THE LEADER of the town's highways has hit back at furious motoring chiefs' claims that local government is fleecing motorists.

Breakdown firm The AA accused councils nationwide of "wielding sledgehammers" and fleecing motorists with rampant ticketing.

A letter sent to transport secretary Chris Grayling called for government chiefs to introduce a new law to park the number of parking tickets a council can issue each month.

Reading Borough Council (RBC) can charge £50 or £70 for fines depending on the seriousness of the offence and offenders can pay half the amount if they stump up the cash within 14 days.

The latest official figures show RBC raked in between £822,950 and £1.1m from 35,200 parking fines in 2015/2016.

Statistics show parking wardens averagely slapped motorists nearly 3,000 tickets a month, more than 100 per day.

But Tony Page, RBC's lead member for transport, hit back at the AA's claims.

He said: "The council enforces parking restrictions and bus lanes to keep traffic moving and to keep public transport moving. That is absolutely essential in a busy town like Reading which has many competing demands for limited road space and limited scope to expand that road capacity.

“We are fortunate to have excellent and very popular local bus service relied upon by a great many residents.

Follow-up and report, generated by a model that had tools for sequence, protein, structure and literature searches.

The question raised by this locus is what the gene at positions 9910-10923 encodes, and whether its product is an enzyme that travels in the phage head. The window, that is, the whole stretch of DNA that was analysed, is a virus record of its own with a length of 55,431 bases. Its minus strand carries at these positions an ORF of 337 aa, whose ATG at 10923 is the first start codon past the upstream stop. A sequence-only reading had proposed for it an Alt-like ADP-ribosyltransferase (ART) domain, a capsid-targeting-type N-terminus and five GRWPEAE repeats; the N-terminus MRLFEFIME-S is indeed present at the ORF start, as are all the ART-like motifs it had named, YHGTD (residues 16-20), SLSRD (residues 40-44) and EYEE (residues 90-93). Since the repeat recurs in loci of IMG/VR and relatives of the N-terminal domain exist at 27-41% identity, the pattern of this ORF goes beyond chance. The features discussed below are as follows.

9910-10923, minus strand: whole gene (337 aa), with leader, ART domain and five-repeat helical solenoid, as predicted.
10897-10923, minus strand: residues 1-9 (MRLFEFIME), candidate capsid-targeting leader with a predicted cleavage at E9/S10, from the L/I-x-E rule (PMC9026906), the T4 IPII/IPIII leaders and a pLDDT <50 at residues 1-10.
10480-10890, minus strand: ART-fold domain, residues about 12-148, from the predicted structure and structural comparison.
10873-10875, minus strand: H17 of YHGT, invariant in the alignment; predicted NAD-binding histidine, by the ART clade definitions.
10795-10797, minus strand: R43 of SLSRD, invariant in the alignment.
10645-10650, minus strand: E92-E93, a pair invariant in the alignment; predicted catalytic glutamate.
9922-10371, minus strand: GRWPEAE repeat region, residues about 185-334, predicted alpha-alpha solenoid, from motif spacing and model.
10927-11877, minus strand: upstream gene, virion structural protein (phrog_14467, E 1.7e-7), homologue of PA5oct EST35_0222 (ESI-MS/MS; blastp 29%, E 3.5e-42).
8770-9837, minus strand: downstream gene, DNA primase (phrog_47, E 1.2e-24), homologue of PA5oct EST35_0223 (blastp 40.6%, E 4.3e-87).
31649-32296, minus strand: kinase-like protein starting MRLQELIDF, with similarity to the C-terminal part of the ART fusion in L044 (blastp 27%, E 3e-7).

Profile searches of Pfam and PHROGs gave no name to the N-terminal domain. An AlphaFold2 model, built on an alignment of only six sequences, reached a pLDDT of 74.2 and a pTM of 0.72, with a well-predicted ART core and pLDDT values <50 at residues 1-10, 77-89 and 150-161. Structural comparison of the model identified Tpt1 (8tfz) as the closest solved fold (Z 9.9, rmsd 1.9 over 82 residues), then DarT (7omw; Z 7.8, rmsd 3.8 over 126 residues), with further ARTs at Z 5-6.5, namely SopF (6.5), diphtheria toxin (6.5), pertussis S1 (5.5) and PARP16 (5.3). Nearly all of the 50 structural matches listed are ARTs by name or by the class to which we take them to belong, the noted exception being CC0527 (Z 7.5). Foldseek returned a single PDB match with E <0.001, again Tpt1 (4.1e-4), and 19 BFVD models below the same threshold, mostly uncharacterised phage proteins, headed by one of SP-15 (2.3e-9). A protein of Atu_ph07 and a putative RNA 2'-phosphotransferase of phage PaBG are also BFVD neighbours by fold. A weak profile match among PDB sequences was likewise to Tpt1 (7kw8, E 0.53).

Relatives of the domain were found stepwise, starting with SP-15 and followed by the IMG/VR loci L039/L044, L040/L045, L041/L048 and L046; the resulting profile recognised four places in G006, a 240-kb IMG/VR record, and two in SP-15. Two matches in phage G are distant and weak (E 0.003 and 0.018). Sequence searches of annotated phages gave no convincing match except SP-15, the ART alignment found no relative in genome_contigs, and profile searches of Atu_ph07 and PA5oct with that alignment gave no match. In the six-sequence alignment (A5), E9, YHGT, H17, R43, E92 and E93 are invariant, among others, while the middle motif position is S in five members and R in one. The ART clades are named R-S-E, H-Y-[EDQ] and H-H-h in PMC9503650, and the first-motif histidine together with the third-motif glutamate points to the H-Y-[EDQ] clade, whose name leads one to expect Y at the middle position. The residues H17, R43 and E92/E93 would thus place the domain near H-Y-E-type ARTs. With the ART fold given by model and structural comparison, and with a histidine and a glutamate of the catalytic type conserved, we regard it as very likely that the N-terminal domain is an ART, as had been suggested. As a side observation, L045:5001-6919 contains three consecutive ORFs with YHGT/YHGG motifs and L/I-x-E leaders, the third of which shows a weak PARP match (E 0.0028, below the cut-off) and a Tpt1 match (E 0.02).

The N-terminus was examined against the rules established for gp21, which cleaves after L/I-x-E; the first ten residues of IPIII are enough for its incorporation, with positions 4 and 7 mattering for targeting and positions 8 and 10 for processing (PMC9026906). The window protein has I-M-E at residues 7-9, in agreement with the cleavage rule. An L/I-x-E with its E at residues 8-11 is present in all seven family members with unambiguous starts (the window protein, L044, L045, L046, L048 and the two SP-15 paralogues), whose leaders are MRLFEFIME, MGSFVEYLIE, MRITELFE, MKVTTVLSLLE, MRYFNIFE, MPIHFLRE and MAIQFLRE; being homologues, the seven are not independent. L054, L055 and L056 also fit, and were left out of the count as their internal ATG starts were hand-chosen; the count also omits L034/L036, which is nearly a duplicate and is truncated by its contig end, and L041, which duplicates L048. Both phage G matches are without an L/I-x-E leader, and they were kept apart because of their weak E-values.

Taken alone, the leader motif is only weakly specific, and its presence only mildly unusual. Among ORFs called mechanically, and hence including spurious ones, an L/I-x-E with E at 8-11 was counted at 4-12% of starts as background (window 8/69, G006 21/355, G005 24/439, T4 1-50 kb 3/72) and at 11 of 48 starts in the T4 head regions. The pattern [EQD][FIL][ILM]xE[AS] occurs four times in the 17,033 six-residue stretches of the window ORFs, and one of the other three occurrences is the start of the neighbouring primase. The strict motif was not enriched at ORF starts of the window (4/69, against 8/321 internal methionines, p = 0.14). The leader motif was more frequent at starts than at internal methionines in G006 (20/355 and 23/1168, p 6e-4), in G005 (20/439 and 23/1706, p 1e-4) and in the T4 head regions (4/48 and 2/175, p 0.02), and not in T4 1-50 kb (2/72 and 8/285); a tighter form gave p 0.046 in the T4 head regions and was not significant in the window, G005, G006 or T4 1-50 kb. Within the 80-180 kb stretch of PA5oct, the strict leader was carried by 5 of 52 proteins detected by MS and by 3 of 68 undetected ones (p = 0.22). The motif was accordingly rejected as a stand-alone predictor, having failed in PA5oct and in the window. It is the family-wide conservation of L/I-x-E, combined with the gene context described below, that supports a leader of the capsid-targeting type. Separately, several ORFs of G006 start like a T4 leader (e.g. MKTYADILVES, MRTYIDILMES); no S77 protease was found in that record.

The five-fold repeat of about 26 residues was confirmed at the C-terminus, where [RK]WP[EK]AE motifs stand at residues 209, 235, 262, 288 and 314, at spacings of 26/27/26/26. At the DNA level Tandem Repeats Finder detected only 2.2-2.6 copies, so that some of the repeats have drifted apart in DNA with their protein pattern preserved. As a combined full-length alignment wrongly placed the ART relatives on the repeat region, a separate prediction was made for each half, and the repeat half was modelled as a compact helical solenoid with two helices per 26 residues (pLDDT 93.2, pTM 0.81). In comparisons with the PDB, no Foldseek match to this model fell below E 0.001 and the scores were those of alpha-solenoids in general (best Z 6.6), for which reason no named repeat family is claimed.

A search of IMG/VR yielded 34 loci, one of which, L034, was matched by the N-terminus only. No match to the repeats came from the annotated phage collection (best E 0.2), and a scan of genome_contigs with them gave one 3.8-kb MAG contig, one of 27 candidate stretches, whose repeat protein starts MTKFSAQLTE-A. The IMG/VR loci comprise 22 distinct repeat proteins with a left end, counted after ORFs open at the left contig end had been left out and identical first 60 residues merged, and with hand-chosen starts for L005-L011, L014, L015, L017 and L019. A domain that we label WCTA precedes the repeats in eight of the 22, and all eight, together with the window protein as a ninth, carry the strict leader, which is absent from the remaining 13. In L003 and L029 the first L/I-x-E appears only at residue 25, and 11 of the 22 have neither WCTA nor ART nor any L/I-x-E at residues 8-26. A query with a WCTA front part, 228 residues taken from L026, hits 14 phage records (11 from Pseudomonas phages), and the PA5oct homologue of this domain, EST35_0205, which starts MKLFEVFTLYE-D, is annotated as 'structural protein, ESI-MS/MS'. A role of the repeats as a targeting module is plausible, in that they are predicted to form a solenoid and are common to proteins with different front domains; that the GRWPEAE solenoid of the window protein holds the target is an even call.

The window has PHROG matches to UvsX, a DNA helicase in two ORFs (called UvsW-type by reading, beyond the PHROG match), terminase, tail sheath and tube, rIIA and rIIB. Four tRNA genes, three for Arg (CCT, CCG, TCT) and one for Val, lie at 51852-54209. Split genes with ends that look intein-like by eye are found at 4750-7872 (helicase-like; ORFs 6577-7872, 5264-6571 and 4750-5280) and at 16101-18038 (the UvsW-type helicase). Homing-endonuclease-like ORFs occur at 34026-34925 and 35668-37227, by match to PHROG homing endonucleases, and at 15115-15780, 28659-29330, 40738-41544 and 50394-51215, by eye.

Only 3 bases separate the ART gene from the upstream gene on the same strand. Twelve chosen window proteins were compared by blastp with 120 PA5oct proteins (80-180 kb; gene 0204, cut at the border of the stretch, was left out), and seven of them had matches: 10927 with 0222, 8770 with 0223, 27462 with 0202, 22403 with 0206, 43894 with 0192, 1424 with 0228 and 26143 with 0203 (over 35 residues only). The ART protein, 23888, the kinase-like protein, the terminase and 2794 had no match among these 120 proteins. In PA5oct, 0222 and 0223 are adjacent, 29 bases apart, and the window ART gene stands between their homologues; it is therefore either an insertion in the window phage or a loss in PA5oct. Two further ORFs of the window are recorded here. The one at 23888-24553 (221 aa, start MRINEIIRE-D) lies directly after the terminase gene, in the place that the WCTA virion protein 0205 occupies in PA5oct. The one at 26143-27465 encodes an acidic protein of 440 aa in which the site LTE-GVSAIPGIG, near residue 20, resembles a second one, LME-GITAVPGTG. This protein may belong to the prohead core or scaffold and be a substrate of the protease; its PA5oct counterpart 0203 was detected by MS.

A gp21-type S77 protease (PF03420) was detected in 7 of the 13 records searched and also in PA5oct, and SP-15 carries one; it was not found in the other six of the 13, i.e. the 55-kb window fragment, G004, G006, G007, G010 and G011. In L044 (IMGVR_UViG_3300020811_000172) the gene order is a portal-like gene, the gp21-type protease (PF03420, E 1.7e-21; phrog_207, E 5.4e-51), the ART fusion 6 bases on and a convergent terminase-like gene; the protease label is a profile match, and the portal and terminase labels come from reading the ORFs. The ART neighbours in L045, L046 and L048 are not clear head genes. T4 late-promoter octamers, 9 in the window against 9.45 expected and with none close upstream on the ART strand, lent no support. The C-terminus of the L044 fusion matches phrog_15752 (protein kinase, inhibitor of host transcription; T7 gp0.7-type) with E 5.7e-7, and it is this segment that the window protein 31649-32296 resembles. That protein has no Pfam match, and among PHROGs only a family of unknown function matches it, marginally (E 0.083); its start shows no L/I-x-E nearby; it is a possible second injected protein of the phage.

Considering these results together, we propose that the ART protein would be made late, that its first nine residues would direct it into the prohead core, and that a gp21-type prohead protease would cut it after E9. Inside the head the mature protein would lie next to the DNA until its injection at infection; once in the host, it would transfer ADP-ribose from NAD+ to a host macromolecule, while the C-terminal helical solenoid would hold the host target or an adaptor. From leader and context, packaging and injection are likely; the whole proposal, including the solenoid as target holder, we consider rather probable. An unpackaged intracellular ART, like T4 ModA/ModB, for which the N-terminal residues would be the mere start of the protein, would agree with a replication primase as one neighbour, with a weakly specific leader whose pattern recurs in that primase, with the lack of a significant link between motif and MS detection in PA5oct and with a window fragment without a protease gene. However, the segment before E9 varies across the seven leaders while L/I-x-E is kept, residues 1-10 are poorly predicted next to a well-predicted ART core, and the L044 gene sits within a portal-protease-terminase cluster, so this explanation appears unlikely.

"Reading also has a number of residents parking schemes across the town in place to help protect parking spaces for local residents. Residents who live in those areas would fully expect the Council to enforce those parking restrictions.

“Enforcement of parking and bus lane restrictions sits alongside the council’s approach of providing quick, reliable and easy public transport alternatives for people."

The AA launched a campaign called 'Caught in a Trap' to fight back against rampant ticketing and ensure first-time offenders in bus lanes and yellow box junctions receive a warning letter instead of a fine.

The campaign also calls for residents to no longer be taxed for parking outside their homes.

Edmund King, president of The AA, said: "What is clear is that some councils enforced their summer car parking with a light touch, while others used a sledgehammer. Here lie the absolute fundamentals of our campaign: the need to restore the balance between enforcement and deterrence, and the need for targeted fines that direct driver behaviour - not punish every single little mistake because it is a nice little earner for councils and private companies."